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Why a Corporate Executor Can Make Sense

The Financialist • Issue 123 • October 2014

BY TERESA BLACK HUGHES CFP R.F.P. CLU FMA CIM

The role of an executor is an important job and a serious responsibility. The executor must manage and dispose of estate assets, file tax returns, and tend to a variety of other tasks to wrap up the deceased’s affairs. The executor should have expertise, willingness and availability, along with independence and objectivity. If the job is not completed in a timely or responsible fashion, the executor could be financially liable. There can also be a significant time commitment in fulfilling this role, even for seemingly simple estates.

Sometimes the job is best suited for a Corporate Executor and Trustee. Trust companies operate under either provincial or federal legislation. Because of their fiduciary role, trust companies can administer estates, trusts, pension plans, and agency contracts.

Broadly speaking, scenarios that might warrant a corporate executor and trustee are if:

1. You have no family members conveniently located.

2. You have no family members with the time or expertise to be executor.

3. You have a child who is physically or mentally impaired.

4. You have a child who needs support handling money.

5. You have a child with a substance abuse, marital or other difficulty.

6. You wish to exclude a family member from your Will.

7. You have remaining family members where mediation may be necessary.

8. You are in a subsequent relationship and you or your spouse/partner have children from a previous relationship.

9. You wish to include long-running trusts in your Will.

But at the heart of it all, testators are trying to ensure that their final wishes are accomplished without risk or impediment. Let’s explore some examples (courtesy of Fiduciary Trust Company of Canada):

BUILDING BRIDGES FOR BLENDED FAMILIES

Paul wants to balance the financial security of his second wife with the expectations of his children from his first marriage.

Paul and Susan are happily married, but Paul's adult children are often at odds with their stepmother. Paul wants to ensure Susan is financially secure for the rest of her life, but also wants to know the remainder of his substantial estate will eventually pass to his children should Susan remarry or give her estate to someone else. By creating a spousal trust for Susan in his will and appointing a Corporate Executor, Paul is confident his wishes will be faithfully carried out and the potential for disputes among the people he loves will be dissipated.

THE CHILD YOU WORRY ABOUT

Tony and Louise are worried about how their wayward son will be supported financially after they are gone.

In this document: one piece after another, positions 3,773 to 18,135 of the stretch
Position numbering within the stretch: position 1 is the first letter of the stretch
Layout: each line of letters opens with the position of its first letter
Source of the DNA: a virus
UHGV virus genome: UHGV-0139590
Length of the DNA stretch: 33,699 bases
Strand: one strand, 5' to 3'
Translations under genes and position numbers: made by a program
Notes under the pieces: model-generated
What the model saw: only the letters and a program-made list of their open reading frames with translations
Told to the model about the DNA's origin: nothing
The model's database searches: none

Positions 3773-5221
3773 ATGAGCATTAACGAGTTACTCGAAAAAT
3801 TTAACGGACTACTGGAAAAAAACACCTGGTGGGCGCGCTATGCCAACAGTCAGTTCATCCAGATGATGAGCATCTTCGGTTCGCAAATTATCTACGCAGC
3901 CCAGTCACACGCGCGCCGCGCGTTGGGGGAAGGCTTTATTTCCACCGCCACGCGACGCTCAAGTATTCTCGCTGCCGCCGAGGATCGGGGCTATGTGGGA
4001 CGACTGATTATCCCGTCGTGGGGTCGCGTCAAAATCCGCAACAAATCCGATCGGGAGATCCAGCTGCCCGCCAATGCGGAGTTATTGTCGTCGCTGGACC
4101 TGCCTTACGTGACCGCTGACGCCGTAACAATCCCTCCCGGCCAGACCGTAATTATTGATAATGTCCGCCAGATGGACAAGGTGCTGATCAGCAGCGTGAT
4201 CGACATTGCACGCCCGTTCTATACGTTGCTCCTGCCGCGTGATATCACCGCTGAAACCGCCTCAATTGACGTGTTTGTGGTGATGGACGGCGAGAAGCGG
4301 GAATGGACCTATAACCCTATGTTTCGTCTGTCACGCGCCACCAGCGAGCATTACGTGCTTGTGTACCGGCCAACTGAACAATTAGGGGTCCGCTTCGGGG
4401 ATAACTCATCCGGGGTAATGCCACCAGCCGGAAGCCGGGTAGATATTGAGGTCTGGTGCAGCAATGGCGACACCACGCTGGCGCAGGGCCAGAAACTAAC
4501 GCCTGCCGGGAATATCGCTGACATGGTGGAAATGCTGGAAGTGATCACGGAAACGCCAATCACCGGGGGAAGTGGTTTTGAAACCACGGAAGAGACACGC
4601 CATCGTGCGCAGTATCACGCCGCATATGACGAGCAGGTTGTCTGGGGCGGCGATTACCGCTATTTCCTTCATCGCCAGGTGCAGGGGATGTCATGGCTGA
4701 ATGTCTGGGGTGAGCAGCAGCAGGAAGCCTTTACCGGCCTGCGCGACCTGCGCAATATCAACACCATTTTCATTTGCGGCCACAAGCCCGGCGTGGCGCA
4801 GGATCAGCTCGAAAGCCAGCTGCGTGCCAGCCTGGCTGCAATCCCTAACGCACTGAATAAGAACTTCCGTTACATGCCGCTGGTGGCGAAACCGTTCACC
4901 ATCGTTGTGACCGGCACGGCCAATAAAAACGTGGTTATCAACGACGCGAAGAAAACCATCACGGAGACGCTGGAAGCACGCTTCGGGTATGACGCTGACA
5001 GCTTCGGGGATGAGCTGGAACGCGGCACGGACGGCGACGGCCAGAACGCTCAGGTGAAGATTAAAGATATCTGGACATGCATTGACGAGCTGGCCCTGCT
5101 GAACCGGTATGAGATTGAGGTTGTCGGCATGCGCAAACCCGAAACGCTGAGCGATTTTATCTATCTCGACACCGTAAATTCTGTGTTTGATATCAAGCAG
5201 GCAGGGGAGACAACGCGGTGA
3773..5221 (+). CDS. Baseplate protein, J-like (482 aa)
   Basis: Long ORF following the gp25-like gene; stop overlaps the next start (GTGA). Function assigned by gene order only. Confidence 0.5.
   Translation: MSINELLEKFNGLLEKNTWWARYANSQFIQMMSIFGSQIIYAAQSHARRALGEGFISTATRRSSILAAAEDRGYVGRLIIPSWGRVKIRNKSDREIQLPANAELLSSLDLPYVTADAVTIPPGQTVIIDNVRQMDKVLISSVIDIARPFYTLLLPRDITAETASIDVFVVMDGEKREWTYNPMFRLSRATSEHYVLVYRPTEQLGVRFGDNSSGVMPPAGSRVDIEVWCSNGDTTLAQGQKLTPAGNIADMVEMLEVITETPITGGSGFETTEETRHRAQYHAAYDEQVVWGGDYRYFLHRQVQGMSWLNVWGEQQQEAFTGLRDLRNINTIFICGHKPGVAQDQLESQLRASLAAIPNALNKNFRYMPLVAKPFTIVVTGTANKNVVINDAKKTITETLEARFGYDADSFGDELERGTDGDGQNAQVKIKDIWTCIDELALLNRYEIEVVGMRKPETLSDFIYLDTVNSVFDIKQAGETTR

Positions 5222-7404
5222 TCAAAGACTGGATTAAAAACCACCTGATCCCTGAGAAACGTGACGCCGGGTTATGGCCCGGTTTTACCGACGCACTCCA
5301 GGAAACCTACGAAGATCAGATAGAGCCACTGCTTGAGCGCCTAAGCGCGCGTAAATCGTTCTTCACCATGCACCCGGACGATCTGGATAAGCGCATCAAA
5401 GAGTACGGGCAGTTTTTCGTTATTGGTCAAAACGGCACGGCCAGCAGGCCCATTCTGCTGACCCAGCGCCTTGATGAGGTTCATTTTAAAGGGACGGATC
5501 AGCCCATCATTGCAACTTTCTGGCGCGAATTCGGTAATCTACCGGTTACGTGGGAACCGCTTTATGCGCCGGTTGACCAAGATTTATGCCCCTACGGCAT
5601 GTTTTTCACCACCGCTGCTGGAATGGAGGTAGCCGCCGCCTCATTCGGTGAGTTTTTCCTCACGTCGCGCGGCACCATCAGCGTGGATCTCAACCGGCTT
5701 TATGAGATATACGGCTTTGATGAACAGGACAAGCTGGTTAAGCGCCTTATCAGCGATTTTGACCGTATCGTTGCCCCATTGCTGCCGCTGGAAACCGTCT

Tony and Louise are comfortably retired with the nest egg they built from a lifetime of hard work. Their three children are close to their parents but don't speak to each other very often. Their son Joseph has never held a job for more than a few months. Tony and Louise do not trust Joseph's current and third wife. They also suspect he may have a problem with drugs or alcohol. They lose sleep thinking about their wealth being wasted or badly invested. By appointing a Corporate Executor and Trustee, Tony and Louise create an estate plan that gives each child an equal share of their estate, but sets aside Joseph's share in a trust. This helps ensure he will receive his inheritance in smaller amounts throughout his life, in a manner that responsibly manages his windfall when he cannot.

BUILDING A SCHOLARSHIP

Mary, who has no family in Canada, dreams of creating a permanent tribute to her deceased husband.

Mary immigrated to Canada to marry her husband, a renowned anthropologist. Now, as a widow with no children and no close family in Canada, Mary wants to put her substantial estate to work. She wants scholarships in her husband's name granted to promising anthropology students at the local university. Mary chooses to create a permanent charitable trust in her will. By appointing a Corporate Executor and Trustee, she knows her estate will be managed by senior trust officers well-versed in handling charitable trusts. Furthermore, she gains confidence knowing that the trust will be managed long into the future, ensuring her husband's legacy lives on even as times change. These scenarios illustrate that a trust company can act as your executor, trustee of your trust, and/or be your substitute decision-maker in the event of mental incompetency. Your Rogers Group Financial advisor works alongside your legal advisor and Corporate Executor/Trustee to ensure that your legacy will be passed on in a manner that gives you peace. Talk to your advisor today.


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